Amazon rainforest nears tipping point that may see it become savannah

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More than three-quarters of the world’s largest rainforest has become less resilient to drought since the early 2000s, with areas near humans and with lower rainfall being the worst hit



Environment



7 March 2022

2CWY69N A motorcyclist rides in an area deforested for informal gold mining, along the Interoceanic highway section linking Peru and Brazil in the Amazon region of Madre de Dios, August 20, 2010. Parts of land along the highway have undergone deforestation for agriculture purposes and the advancement of informal mining. At least 18,000 hectares of forest, including indigenous land, have been transformed into desert in this region, according to Peru's Environment Minister Antonio Brack. Picture taken August 20, 2010. REUTERS/Mariana Bazo (PERU - Tags: ENVIRONMENT SOCIETY AGRICULTURE)

An area deforested for gold mining, along the Interoceanic highway linking Peru and Brazil in the Amazon region of Madre de Dios

Mariana Bazo/REUTERS/Alamy

The Amazon rainforest is nearing a tipping point that will see it transform into savannah, according to researchers who have found that the biodiversity hotspot has lost resilience in the past two decades.

Previous studies have warned that the world’s largest rainforest, which acts as a vital brake on climate change, is approaching a critical threshold. But most past research has relied on projections using models, not real world observations.

Now, Tim Lenton at the University of Exeter, UK, and his colleagues have used two sets of satellite data covering between 1996 and 2016 to measure the greenness of the Amazon over time, watching for how it recovered after impacts such as drought and fires. They found that since the early 2000s, 76 per cent of the region had become less resilient, or less able to restore itself to a stable state after being affected by events.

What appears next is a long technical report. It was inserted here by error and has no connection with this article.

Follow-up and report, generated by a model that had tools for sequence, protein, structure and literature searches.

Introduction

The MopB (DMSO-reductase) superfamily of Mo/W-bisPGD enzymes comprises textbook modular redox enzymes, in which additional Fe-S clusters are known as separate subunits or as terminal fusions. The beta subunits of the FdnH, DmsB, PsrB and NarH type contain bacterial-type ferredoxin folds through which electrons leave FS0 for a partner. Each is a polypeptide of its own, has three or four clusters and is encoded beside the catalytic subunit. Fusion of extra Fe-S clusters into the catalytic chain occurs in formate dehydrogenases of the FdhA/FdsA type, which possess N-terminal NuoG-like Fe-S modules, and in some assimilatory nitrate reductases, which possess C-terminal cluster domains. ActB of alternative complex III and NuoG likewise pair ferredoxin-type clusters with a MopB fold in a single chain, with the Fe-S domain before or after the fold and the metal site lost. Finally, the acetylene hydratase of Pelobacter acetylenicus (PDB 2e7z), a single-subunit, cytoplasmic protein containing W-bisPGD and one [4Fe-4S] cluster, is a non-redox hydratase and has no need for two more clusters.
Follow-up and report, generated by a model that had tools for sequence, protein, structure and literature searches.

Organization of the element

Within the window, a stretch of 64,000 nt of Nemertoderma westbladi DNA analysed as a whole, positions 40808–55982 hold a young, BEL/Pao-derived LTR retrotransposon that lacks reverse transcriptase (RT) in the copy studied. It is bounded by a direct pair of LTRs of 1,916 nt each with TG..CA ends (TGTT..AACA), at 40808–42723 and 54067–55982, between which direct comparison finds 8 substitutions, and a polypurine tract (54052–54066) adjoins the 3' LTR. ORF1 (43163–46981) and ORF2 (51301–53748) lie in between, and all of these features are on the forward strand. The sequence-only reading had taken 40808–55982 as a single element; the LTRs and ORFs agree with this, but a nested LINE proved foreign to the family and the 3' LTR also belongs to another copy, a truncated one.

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Importantly, says Lenton, the signal of this growing instability was picked up without immediately obvious changes such as huge drops in the forest’s biomass or tree cover.

“Why do we care about it? It’s worth reminding ourselves that if it gets to that tipping point and we commit to losing the Amazon rainforest then we get a significant feedback to global climate change,” says Lenton. He says a shift to savannah, a grassy ecosystem with much less biomass, would unlock about 90 billion tonnes of carbon dioxide stored in the trees and soil. Humanity emits about 40 billion a year.

The team looked at vegetation cover using one satellite data set that measures the optical depth of vegetation using microwaves, and a second one that used infrared instead.

The loss of resilience was faster in parts of the rainforest that have received less rainfall and those that are closer to the biggest signs of human activities, such as large farms and major roads, say the researchers.

Lenton says he cannot put a precise date on how far off the rainforest’s tipping point might be, but expects the transition to savannah to be a process that would take decades. Other Amazon experts say the research adds to a growing body of evidence that the rainforest is approaching a tipping point.

The shifts aren’t even across the rainforest. The south-eastern part of the Amazon, dubbed the “arc of deforestation”, has already changed to the point at which it is now a carbon emitter rather than a carbon sink.

Matt Finer at the Amazon Conservation non-profit organisation says the research could offer a guide for which remaining parts of the forest to prioritise for protection. “The western and north-east Amazon appear the most resilient, reinforcing the critical need to protect these areas now and in the future from current and looming threats like mining, new roads and agriculture expansion,” he says.

Carlos Nobre at the University of São Paulo, Brazil, says the research is “concerning” and “solid data-based” work. “It demonstrates that the resilience of the Amazon tropical rainforest has been very rapidly decreasing over the last 20 years,” he says.

Journal reference: Nature Climate Change, DOI: 10.1038/s41558-022-01287-8

 

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